Unnamed high-bench deposit (Dexter Creek-Dry Creek divide)

Mine, Inactive

Commodities and mineralogy

Main commodities Au
Ore minerals gold

Geographic location

Quadrangle map, 1:250,000-scale NM
Quadrangle map, 1:63,360-scale C-1
Latitude 64.5675
Longitude -165.3429
Nearby scientific data Find additional scientific data near this location
Location and accuracy This record describes high-level, auriferous gravel deposits on the divide between Dry Creek (NM249) and Wet Gulch, a north-flowing headwater tributary to Dexter Creek (NM303). It is at a surface elevation of about 575 feet and 4,500 feet northeast of the summit of Anvil Mountain in the NE1/4 section 6, T. 11 S., R. 33 W., Kateel River Meridian. It is approximately the same location as locality 125 of Cobb (1972 [MF 463]). The location is accurate to within about 500 feet.

Geologic setting

Geologic description

Auriferous high-level gravels on the Dry Creek-Dexter Creek divide are one of three closely related ancient placer deposits; the other two are at Summit (NM247) and Dexter Station (NM246). The main deposit on the Dry Creek-Dexter Creek divide appears to have been within a nearly north-south, gently incised channel in schist bedrock. It was developed by a series of shafts for a distance of about 2,000 feet. Pay extended up the flanks of the channel, where it was successfully mined (Collier and others, 1908, p. 208-209), although the flank deposits were not as rich as the deposits near the base of the channel. Near the divide, the gravel section was approximately 72 feet thick, consisting, from the top down, of 16 feet of muck and slide rock, 12 feet of somewhat auriferous washed gravel, 2 feet of sandy soil, 22 feet of soil, peat, and slide rock, and a pay section of 10 feet of stream gravel on decomposed schist bedrock (Collier and others, 1908, p. 208). Most of the pay was within 2 to 3.5 feet of bedrock and consisted mostly of sand containing well-rounded pebbles of schist, vein quartz, and marble. Gold was fairly coarse and well rounded. Much of the gravel was thawed and could be worked year-round from shallow timbered shafts. The pay streak contained from about 6 to 12 dollars in gold per cubic yard (gold at 20.67 dollars per ounce). Toward Dry Creek, the pay streak had poorly defined rims, and bedrock generally had a gentle slope to the north.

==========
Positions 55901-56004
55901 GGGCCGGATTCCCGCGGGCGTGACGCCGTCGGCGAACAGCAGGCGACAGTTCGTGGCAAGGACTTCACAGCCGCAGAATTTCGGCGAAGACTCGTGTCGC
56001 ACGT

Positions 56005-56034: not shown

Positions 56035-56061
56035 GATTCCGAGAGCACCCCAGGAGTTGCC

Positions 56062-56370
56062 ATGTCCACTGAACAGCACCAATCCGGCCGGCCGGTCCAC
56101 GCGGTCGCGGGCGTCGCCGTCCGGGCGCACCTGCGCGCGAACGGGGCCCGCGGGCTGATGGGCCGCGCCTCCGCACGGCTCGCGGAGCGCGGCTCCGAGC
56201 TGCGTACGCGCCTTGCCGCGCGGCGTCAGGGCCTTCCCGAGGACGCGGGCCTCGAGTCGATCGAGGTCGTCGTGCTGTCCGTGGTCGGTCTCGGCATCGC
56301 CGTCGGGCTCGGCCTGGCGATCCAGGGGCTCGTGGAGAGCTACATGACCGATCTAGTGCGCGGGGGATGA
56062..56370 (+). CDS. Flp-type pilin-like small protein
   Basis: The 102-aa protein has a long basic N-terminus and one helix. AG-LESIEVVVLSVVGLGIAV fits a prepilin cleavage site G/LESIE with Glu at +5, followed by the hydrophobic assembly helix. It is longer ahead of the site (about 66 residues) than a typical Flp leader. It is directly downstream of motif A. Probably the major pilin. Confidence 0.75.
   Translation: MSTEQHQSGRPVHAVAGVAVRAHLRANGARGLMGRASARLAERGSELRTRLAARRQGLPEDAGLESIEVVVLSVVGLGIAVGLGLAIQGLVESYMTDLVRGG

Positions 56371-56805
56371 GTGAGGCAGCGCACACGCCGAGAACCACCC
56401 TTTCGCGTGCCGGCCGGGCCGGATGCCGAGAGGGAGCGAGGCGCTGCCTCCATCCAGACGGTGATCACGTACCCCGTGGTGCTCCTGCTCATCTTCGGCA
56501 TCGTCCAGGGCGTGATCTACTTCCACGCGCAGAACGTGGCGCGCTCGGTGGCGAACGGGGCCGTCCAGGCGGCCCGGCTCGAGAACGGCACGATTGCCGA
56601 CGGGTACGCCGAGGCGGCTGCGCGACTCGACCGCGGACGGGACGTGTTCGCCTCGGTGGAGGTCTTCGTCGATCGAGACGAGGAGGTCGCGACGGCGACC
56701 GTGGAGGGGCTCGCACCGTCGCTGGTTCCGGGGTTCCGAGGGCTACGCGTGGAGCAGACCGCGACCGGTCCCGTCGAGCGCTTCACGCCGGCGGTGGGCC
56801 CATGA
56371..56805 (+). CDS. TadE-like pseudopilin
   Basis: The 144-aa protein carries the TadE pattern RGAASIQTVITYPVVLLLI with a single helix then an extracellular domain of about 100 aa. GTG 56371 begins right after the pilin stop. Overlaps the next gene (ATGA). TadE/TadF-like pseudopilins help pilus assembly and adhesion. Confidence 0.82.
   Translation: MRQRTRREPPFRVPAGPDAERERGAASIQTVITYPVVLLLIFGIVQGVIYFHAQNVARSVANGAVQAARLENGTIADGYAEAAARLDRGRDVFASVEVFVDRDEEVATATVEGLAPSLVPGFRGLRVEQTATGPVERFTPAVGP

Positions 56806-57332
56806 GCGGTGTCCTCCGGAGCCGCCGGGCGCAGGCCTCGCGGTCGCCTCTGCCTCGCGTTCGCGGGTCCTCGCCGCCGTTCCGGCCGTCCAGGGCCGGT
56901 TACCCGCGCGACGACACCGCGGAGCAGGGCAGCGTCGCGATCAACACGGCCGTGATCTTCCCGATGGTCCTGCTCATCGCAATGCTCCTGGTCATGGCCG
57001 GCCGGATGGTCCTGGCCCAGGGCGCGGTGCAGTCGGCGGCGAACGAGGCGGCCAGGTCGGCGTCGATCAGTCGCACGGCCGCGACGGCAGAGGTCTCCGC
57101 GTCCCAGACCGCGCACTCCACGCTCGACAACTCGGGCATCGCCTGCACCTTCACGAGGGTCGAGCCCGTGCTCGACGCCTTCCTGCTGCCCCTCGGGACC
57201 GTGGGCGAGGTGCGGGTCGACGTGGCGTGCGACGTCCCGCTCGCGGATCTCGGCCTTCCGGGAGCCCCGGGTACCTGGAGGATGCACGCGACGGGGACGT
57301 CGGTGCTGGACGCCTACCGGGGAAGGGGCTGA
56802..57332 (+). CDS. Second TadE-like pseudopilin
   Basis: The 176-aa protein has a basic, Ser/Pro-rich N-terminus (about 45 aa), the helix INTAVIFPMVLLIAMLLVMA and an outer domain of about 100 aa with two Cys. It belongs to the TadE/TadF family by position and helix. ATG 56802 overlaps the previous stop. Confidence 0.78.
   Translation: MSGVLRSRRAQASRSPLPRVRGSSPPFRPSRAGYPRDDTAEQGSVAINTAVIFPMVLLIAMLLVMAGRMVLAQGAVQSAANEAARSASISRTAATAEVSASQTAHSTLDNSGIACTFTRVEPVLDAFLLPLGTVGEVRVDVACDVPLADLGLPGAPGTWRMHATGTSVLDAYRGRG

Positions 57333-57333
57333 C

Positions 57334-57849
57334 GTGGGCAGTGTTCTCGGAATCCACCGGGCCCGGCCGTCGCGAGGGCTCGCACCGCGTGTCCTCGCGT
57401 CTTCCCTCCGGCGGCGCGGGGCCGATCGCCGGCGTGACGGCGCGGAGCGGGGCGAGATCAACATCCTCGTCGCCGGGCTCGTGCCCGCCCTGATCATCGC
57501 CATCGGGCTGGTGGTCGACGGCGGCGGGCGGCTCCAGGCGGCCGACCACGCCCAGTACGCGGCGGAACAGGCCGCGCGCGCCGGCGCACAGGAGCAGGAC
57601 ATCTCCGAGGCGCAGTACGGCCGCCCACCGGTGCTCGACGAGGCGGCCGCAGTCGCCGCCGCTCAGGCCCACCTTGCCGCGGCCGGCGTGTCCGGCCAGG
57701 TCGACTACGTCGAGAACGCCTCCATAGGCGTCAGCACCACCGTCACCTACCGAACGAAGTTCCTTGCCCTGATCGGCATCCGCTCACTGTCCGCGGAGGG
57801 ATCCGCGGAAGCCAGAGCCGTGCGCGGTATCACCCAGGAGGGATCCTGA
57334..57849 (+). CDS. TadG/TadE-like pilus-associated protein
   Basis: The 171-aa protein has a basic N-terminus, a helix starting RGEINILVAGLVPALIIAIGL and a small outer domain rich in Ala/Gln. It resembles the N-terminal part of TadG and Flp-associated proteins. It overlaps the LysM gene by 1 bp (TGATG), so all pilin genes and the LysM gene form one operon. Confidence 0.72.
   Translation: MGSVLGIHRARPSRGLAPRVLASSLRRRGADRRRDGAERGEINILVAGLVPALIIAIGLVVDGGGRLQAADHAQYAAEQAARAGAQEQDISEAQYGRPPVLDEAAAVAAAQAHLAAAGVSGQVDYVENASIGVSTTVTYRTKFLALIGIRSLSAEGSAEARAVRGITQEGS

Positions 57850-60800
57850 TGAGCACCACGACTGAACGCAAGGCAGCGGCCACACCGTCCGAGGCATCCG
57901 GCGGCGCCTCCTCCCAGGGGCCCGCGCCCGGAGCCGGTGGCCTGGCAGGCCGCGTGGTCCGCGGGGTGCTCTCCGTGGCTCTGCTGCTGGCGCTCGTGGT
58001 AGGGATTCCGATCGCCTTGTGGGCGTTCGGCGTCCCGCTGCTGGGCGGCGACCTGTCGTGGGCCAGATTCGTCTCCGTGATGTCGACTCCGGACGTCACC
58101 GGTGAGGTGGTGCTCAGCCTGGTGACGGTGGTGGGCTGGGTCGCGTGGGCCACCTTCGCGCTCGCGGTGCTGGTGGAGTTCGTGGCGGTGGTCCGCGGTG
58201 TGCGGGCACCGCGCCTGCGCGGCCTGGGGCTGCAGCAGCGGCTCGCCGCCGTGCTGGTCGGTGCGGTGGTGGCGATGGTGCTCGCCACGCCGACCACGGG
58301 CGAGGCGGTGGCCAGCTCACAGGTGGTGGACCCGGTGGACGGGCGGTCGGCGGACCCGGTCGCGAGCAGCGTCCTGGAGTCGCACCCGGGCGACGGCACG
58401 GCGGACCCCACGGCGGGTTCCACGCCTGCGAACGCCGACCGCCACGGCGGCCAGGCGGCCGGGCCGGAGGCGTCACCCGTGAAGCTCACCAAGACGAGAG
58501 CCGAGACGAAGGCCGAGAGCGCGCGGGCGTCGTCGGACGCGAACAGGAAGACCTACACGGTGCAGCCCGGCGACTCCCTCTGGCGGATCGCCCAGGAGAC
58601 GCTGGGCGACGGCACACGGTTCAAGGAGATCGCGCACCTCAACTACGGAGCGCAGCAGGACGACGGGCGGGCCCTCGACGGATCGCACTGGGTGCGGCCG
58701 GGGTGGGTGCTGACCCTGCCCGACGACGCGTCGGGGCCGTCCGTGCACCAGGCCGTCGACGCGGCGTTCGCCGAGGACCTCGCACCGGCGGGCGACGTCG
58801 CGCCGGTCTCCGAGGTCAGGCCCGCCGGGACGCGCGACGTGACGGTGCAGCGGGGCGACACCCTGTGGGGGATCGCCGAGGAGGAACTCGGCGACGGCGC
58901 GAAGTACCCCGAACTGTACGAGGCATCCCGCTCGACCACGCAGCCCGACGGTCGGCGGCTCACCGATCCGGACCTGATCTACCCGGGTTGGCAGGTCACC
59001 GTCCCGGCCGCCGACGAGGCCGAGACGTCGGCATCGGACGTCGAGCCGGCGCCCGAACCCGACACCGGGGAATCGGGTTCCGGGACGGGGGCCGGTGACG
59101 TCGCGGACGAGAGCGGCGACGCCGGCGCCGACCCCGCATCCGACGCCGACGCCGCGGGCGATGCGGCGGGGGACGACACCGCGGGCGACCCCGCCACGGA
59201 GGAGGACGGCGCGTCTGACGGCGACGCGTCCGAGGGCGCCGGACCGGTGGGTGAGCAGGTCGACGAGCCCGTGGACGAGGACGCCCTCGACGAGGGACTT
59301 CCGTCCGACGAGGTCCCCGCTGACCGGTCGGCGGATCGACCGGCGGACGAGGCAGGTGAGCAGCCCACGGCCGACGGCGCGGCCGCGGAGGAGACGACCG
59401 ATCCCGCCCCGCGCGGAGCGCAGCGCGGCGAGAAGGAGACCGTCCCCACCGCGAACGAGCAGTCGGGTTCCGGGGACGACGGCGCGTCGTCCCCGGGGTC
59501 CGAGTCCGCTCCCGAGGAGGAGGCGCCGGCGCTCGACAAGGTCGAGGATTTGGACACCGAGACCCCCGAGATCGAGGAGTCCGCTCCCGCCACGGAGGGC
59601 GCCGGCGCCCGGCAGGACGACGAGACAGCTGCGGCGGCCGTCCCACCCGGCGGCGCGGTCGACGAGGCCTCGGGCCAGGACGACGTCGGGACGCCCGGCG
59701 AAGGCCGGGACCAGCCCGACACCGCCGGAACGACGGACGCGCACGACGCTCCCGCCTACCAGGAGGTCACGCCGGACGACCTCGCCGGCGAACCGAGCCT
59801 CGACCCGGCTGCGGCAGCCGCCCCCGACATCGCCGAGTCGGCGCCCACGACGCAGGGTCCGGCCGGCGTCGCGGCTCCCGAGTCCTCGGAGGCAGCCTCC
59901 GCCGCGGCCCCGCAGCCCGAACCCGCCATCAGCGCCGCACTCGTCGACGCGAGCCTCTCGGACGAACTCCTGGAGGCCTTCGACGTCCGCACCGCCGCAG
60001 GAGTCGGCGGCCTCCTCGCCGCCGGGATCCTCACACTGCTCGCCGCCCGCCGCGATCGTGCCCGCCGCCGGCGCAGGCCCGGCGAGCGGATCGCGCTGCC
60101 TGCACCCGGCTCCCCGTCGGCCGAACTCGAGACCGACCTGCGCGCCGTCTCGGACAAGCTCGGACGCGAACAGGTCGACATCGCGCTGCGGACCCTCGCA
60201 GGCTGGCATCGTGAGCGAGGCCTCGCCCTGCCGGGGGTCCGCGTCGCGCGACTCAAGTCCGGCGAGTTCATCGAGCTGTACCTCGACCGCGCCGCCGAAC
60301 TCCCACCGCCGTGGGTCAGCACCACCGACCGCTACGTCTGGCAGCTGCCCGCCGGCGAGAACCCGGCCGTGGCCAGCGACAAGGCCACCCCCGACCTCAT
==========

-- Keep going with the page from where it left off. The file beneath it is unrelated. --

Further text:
These ancient gold deposits may be in stream channels of former drainage systems (Collier and others, 1908) or in ice-marginal drainages (Hopkins and others, 1960; Cobb, 1973 [B 1374, p. 83]; Nelson and Hopkins, 1972). The presence of erratic granite boulders and other exotic rock types suggests a glacial origin, but the exotic clasts are commonly in near-surface materials and not distributed throughout the high-level gravels (Moffit, 1913). The origin of these gravels thus still seems in question. The richness of some of the placers suggests extensive reworking, proximity to lode sources, or both.
Bedrock is mostly schist, probably of early Paleozoic protolith age (Hummel, 1962 [MF 247]; Sainsbury, Hummel, and Hudson, 1972 [OFR 72-326]; Till and Dumoulin, 1994; Bundzten and others, 1994). Bedrock under the divide belongs to the porphyroclastic micaceous graphitic schist unit of Bundtzen and others (1994). Upper Dry Creek is underlain by felsic schist, possibly in fault contact with the porphyroclastic unit.
Geologic map unit (-165.345505590129, 64.5667360162664)
Mineral deposit model Alluvial placer Au; buried high-level placer deposits (Cox and Singer, 1986; model 39a).
Mineral deposit model number 39a
Age of mineralization Quaternary or possibly late Tertiary.

Production and reserves

Workings or exploration Most of the area was mined by drifting from shafts between 1902 and 1906. Deposits in upper Dry Creek were worked from the surface or from shallow shafts.
Indication of production Yes

References

MRDS Number 10308004

References

Hopkins, D.M., MacNeil, F.S. and Leopold, E.B., 1960, The coastal plain at Nome, Alaska, A late Cenozoic type section for the Bering Sea region, in Chronology and climatology of the Quaternary: International Geological Congress, 21st, Copenhagen, Proceedings, Part 4, p. 46-57.
Till, A.B., and Dumoulin, J.A, 1994, Geology of Seward Peninsula and St. Lawrence Island, in Plafker, G., and Berg, H.C., eds., The Geology of Alaska: Geological Society of America, DNAG, The Geology of North America, v. G-1, p. 141-152.
Reporters C.C. Hawley and Travis L. Hudson
Last report date 7/10/2000